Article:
The Complainant has not authorized, licensed or otherwise permitted the Respondent to use its FILEHIPPO Mark. The Complainant does not have any type of business relationship with the Respondent, nor is the Respondent making a legitimate noncommercial or fair use of the Disputed Domain Name. Instead, the Panel finds that the Respondent was improperly using the Disputed Domain Name for commercial gain. The only uses that the Respondent has made of the Disputed Domain Name are to host websites similar to the Complainant’s own official website and to hold the Disputed Domain Name passively. These uses do not give rise to rights or legitimate interests on the part of the Respondent. The Chase Manhattan Corp. v. Whitely, WIPO Case No. D2000-0346.

Finally, where a respondent has registered and used a domain name in bad faith (see the discussion below), the respondent cannot for that reason be found to have made a bona fide offering of goods or services.

In this case, the Panel finds that the Complainant has made out a prima facie case that the Respondent has no rights or legitimate interests in the Disputed Domain Name. The Respondent has not submitted any substantive arguments or evidence to rebut the Complainant’s prima facie case.

Accordingly, the second element of paragraph 4(a) of the Policy has been met by the Complainant.

C. Registered and Used in Bad Faith

This Panel finds that, based on the record, the Complainant has demonstrated the existence of the Respondent’s bad faith pursuant to paragraph 4(b) of the Policy.

The Panel finds that the Respondent surely knew or should have known of the Complainant’s rights in its FILEHIPPO Mark when registering the Disputed Domain Name. According to the Complaint, the Respondent placed a disclaimer on its website homepage to disclaim endorsement by or affiliation with the Complainant; this demonstrates that the Respondent was well aware of the Complainant and its rights.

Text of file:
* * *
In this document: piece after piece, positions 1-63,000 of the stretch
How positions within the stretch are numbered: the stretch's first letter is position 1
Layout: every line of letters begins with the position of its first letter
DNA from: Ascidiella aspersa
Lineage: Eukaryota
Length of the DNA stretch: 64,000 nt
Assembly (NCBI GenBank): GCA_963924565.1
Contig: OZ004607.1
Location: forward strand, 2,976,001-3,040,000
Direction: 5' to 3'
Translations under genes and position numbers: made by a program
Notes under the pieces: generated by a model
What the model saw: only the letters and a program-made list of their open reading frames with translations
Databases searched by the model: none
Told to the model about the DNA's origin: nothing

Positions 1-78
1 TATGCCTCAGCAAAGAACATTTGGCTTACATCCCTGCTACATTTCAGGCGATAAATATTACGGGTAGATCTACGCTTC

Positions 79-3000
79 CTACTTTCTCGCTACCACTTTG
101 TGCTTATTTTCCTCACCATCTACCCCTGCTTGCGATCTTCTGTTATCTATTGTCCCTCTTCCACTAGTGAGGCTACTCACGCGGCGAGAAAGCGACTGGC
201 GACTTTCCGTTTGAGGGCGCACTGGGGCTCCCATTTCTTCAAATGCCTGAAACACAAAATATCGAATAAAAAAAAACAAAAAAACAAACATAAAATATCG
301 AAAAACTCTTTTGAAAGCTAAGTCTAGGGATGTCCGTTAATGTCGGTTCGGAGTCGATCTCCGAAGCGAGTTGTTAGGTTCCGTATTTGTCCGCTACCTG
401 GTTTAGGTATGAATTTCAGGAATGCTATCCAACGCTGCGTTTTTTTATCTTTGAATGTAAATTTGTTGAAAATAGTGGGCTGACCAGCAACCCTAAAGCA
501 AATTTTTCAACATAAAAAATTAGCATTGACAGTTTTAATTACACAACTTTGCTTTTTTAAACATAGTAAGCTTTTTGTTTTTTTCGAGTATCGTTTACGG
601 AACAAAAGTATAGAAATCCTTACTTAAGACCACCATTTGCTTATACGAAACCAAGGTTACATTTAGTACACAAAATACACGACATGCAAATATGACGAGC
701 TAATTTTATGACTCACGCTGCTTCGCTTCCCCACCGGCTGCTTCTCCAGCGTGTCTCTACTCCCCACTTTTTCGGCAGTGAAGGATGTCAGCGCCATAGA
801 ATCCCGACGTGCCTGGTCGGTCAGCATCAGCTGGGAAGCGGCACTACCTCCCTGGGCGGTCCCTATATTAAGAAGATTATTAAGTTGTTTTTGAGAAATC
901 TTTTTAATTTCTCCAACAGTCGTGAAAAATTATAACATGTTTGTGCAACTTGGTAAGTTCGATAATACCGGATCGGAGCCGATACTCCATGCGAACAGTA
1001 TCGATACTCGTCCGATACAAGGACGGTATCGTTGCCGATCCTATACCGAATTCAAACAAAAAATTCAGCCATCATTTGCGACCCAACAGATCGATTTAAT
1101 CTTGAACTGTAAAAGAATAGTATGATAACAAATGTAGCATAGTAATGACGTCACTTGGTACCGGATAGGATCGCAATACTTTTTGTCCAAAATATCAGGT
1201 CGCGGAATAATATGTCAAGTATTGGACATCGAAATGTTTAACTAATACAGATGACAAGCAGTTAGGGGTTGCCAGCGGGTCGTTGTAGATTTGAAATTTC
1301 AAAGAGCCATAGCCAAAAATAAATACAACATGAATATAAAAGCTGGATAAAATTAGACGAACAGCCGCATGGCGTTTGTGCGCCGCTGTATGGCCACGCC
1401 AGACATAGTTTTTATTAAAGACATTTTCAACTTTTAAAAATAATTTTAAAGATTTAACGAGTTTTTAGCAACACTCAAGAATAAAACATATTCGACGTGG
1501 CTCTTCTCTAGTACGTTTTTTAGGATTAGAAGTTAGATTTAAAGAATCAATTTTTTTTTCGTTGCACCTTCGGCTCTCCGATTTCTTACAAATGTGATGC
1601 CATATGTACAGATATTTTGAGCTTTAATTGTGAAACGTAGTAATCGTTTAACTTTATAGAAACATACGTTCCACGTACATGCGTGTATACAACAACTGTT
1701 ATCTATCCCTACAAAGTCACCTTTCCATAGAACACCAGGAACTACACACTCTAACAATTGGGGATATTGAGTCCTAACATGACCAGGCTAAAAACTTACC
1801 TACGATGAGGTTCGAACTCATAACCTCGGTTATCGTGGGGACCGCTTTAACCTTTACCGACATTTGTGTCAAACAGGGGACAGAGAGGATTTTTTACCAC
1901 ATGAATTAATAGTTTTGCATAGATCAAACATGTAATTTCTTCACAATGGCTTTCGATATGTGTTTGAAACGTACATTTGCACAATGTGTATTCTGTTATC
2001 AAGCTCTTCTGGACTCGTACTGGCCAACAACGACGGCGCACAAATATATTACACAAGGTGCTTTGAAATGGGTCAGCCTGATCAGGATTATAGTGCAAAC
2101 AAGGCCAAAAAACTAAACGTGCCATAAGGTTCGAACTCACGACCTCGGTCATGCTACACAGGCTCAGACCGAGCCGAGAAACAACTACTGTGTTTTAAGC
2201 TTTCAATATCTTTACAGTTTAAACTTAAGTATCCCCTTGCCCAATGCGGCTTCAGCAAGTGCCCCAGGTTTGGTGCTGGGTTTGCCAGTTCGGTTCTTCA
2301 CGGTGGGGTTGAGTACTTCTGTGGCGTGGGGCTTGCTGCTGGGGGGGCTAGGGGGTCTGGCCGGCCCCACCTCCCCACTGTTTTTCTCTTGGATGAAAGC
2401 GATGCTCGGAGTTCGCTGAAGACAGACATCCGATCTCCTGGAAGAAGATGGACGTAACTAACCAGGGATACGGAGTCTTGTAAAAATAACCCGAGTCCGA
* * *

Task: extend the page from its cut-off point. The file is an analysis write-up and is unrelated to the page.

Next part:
The Respondent’s action of registering the Disputed Domain Name and using it to direct Internet traffic to its website, despite its use of a disclaimer, evidences a clear intent to disrupt the Complainant’s business, deceive customers and trade off the Complainant’s goodwill by creating an unauthorized association between the Respondent and the Complainant’s FILEHIPPO Mark. See Banco Bradesco S.A. v. Fernando Camacho Bohm, WIPO Case No. D2010-1552.

Based on the circumstances here, the Panel finds the Respondent used the Disputed Domain Name in bad faith by attempting to attract, for commercial gain, Internet users to the Respondent’s website by creating a likelihood of confusion with the Complainant’s FILEHIPPO Mark as to the source, sponsorship, affiliation or endorsement of the Respondent’s website. The Respondent’s registration and use of the Disputed Domain Name indicates that such registration and use was done for the specific purpose of trading on the name and reputation of the Complainant and its FILEHIPPO Mark. See Madonna Ciccone, p/k/a Madonna v. Dan Parisi and “Madonna.com”, WIPO Case No. D2000-0847 (“[t]he only plausible explanation for Respondent’s actions appears to be an intentional effort to trade upon the fame of Complainant’s name and mark for commercial gain” and “[t]hat purpose is a violation of the Policy, as well as U.S. Trademark Law.”).

Therefore, based on the foregoing, the Panel concludes that the Respondent registered and is using the Disputed Domain Name in bad faith.

Accordingly, the third element of paragraph 4(a) of the Policy has been met by the Complainant.

7. Decision

For the foregoing reasons, in accordance with paragraphs 4(i) of the Policy and 15 of the Rules, the Panel orders that the Disputed Domain Name, <pcfilehippo.com>, be transferred to the Complainant.

Lynda M. Braun
Sole Panelist
Date: September 8, 2015